Pepto Bismol vs Imodium for IBS

If you experience repeating flares of tummy pain, diarrhea, constipation, bloating, and cramping, you might have irritable bowel syndrome (IBS).

IBS patients fit the Rome criteria, which is used by doctors to diagnose the condition.

According to the Rome criteria, you have IBS if you experience abdominal pain at least 1 day per week during a 3-month period. The pain must be associated with a change in bowel habits — either a change in stool frequency or appearance.

There are multiple subtypes of IBS depending on the dominant pattern of bowel habits. These include IBS-D (for diarrhea), IBS-C (constipation), and IBS-M (mixed).

Patients with IBS-D and IBS-M can experience disabling bouts of diarrhea. In this article, we’ll take a look at two drugs for diarrhea — Imodium and Pepto Bismol.

Let’s see how the two differ in terms of their actions, side effects, and effectiveness in treating diarrhea associated with IBS.

What is Pepto Bismol?

Pepto Bismol is the brand name for a drug called bismuth subsalicylate, which is mainly used as an anti-diarrheal drug but can also treat additional symptoms such as heartburn, gas, belching, and indigestion.

These symptoms are common among IBS patients, which is why your doctor may prescribe Pepto Bismol to you if you have IBS-D.

Pepto Bismol works via several mechanisms, which include blocking toxins produced by the diarrhea-causing bug E.coli, increasing intestinal water absorption (which reduces diarrhea volume), reducing gut inflammation associated with diarrhea, and blocking prostaglandin release.

Prostaglandins are a class of chemicals that promote inflammation in the body and increased production can be seen in diarrhea from inflammatory causes.

Bismuth subsalicylate is also sometimes used to treat an H.pylori infection when other treatments fail. H.pylori is a major cause of stomach and small intestine ulcers.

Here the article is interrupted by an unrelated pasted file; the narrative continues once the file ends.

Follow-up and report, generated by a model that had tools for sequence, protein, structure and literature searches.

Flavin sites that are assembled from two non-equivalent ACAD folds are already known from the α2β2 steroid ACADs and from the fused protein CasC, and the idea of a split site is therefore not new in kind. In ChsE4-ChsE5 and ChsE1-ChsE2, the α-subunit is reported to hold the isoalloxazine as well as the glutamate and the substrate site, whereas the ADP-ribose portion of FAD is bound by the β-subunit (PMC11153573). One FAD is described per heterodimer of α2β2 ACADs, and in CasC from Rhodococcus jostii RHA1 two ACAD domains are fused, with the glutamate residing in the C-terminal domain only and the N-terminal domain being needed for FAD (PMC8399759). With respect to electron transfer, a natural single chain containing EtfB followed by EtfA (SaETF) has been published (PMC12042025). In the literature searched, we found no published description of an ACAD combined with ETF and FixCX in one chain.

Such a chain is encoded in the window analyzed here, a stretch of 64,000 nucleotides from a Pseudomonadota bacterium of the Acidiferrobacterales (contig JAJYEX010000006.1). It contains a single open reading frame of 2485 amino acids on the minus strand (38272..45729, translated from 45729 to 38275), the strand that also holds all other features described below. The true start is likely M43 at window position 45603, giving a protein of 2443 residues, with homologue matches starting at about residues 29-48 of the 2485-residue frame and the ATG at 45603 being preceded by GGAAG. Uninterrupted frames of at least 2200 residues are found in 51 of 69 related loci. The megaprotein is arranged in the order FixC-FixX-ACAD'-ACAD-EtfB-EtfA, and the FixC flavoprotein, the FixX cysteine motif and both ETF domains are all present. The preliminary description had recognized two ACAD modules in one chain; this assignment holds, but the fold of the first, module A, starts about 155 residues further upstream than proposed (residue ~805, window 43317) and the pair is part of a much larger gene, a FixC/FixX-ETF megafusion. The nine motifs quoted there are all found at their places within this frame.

Most bismuth subsalicylate preparations are taken via the mouth and side effects are typically mild and short-lived. Side effects include:
● Black discoloration of stool
● Black tongue
● Ringing ears — this is considered a severe side effect and immediate medical attention must be sought if you experience this after taking Pepto Bismol

Unfortunately, there’s a long list of drugs that can interact with bismuth subsalicylate. This means bismuth can alter their levels in the blood. Reduced drug levels make a drug ineffective while inappropriately high levels can lead to toxicity and severe side effects.

Examples of drugs that can interact with Pepto Bismol include:

● Blood pressure drugs called ACE inhibitors
● The anti-cancer drug methotrexate
● NSAIDs like aspirin and naproxen. These drugs are commonly used and you may have used one to treat a headache.
● Certain antibiotics
● Warfarin, which prevents abnormal blood clotting
● Diabetes drugs

If you’re currently taking any drug, it’s important to consult a doctor before taking Pepto Bismol and confirm that it won’t interact with your current medication.

You should also stay away from bismuth subsalicylate if you are allergic to salicylates, are experiencing black stools prior to starting Pepto Bismol (this could be a sign of gut bleeding or ulcer), or a teenager recovering from a viral infection like chickenpox.

How does Imodium differ from Pepto Bismol?